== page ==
Ireland is not the only nation with strict abortion laws that cost women their lives.
Since 1998, El Salvador has had a total ban on abortions, under any circumstances. In March of this year, Salvadoran police arrested a woman (“Mery”) when she sought medical treatment after a clandestine abortion. The medical providers reported her to the police—as required by law. In addition to the physical complications associated with the abortion, she showed clear signs of emotional distress and panic.
Instead of providing “Mery” with counseling, the authorities sentenced her to two years in El Salvador’s violent, overcrowded prison system. Her emotional state deteriorated and she tried to kill herself in September 2012. Prison authorities responded by handcuffing “Mery” to a bed in a psychiatric hospital and placing an armed guard in her room. Amnesty is especially concerned because she has been cut off from both the psychological help she needs as well as legal counsel.
El Salvador has severely punished women who did not even have an abortion. The Center for Reproductive Rights (CRR) recently brought an international case against El Salvador on behalf of “Manuela” and her family. Salvadoran courts sentenced “Manuela” to 30 years in prison following a still birth resulting from emergency obstetric complications. “Manuela” suffered from cancer, but the authorities failed to ensure she received proper medical treatment following her sentence. “Manuela” died in prison, leaving behind two young children.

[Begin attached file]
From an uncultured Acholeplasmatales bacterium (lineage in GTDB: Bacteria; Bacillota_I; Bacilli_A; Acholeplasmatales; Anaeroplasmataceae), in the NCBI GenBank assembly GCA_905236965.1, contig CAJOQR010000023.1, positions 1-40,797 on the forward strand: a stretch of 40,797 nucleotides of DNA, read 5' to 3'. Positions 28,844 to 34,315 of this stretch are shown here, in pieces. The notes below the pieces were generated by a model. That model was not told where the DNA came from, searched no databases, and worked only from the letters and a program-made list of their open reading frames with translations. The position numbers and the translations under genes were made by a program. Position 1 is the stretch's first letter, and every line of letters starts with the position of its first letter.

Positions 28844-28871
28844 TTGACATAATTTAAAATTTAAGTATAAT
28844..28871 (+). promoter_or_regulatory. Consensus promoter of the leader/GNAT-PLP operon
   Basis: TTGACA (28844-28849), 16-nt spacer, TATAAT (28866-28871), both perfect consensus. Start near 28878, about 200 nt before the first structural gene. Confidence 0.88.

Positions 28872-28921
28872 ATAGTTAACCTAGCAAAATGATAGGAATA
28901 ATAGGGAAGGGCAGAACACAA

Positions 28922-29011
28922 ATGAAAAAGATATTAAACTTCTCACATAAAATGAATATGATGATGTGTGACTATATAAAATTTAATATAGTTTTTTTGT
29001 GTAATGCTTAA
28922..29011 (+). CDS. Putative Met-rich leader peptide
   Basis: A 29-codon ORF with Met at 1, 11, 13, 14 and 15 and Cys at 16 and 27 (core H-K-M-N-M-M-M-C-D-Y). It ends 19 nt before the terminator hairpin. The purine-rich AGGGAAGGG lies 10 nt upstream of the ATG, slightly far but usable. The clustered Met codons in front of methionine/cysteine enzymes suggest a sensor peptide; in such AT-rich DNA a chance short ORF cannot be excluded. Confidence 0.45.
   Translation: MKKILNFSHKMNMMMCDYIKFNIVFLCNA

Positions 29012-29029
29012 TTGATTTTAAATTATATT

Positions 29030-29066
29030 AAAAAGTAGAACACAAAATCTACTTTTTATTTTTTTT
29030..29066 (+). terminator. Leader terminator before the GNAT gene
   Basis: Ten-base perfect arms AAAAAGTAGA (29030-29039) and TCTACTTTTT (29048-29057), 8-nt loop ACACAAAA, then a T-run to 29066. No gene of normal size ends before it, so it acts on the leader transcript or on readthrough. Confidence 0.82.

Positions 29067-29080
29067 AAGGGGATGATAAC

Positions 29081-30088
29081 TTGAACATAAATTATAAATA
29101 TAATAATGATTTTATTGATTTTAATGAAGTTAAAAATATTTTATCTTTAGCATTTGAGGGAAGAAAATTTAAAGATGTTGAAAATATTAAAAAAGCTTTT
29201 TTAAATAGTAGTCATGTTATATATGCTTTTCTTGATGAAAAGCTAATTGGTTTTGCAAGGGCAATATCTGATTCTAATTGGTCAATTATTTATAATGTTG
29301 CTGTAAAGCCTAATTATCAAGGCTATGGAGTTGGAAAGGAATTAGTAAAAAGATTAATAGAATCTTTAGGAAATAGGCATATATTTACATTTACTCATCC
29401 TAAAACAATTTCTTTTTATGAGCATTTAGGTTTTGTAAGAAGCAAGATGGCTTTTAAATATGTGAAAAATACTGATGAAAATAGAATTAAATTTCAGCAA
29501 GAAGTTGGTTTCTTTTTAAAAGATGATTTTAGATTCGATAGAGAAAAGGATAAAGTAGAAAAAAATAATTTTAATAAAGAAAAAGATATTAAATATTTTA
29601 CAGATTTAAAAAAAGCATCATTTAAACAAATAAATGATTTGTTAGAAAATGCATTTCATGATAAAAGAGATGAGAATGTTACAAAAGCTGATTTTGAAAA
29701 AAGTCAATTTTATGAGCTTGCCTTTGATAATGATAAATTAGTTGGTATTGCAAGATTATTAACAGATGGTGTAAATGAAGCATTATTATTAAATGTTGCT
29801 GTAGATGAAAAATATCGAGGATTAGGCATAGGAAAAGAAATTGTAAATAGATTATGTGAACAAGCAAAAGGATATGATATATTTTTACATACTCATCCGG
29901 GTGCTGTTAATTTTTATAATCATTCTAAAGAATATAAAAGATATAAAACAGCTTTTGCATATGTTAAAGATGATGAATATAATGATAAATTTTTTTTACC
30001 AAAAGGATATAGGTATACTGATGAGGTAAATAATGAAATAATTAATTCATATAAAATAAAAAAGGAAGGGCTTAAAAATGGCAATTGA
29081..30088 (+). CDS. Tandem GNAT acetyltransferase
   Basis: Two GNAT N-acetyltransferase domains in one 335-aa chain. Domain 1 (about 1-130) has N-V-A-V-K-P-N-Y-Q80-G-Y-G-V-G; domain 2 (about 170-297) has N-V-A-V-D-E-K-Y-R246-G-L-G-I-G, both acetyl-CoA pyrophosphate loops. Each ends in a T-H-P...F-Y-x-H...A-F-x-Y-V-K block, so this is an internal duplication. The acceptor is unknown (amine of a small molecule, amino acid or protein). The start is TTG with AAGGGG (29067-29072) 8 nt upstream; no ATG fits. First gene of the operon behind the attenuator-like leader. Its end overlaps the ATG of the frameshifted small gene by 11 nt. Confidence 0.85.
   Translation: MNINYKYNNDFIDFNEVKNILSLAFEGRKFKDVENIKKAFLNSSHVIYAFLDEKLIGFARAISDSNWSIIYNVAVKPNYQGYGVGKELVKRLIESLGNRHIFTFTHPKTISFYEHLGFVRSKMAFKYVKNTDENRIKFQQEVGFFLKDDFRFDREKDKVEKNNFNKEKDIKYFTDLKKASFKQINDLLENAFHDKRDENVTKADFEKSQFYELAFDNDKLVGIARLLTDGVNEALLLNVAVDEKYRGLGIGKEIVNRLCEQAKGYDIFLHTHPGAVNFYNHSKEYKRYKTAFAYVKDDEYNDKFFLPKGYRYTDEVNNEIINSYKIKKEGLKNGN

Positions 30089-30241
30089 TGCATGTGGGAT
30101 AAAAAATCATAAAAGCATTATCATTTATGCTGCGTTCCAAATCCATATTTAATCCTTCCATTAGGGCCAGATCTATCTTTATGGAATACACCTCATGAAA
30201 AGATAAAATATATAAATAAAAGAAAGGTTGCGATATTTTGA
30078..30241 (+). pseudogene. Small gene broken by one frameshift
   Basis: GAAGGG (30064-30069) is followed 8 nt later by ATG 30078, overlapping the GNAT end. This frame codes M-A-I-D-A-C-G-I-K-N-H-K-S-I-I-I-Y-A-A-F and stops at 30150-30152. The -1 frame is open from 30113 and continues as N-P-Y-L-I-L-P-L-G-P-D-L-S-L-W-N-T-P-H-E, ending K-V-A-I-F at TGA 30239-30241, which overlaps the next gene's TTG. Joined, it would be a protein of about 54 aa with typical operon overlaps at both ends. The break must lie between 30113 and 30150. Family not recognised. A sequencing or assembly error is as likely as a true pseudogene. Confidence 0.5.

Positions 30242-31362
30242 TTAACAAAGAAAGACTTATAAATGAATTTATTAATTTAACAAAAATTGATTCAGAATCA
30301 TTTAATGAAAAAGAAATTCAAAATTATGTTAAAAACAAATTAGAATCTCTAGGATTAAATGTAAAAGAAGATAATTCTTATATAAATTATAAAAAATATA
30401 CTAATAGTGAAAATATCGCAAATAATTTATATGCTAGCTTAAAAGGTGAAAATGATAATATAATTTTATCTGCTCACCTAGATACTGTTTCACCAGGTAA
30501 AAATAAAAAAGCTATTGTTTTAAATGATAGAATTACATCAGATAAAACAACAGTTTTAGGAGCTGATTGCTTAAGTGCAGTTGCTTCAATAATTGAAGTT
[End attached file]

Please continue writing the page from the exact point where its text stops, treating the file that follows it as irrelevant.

In 1999, I watched Mauricio Funes, one of El Salvador’s most respected journalists at the time, interview an anti-abortion advocate. To my surprise, Funes failed to question or challenge his claim that abortion was never necessary for the health of the woman or girl. Funes has not moved to remove or amend El Salvador’s absolute ban on abortion since he became president in 2009.
When will the Salvadoran government heed the repeated calls from UN experts and women rights activists to comply with international legal obligations to protect women and girls’ right to health and life, and to be free from cruel, inhuman and degrading treatment?
It is too late to help “Manuela,” but please tell the Salvadoran authorities, including President Funes, to immediately and unconditionally release “Mery” and give her the care she needs as a human right. Please also tell them to decriminalize abortion so that other Salvadoran women do not continue to suffer such cruelty.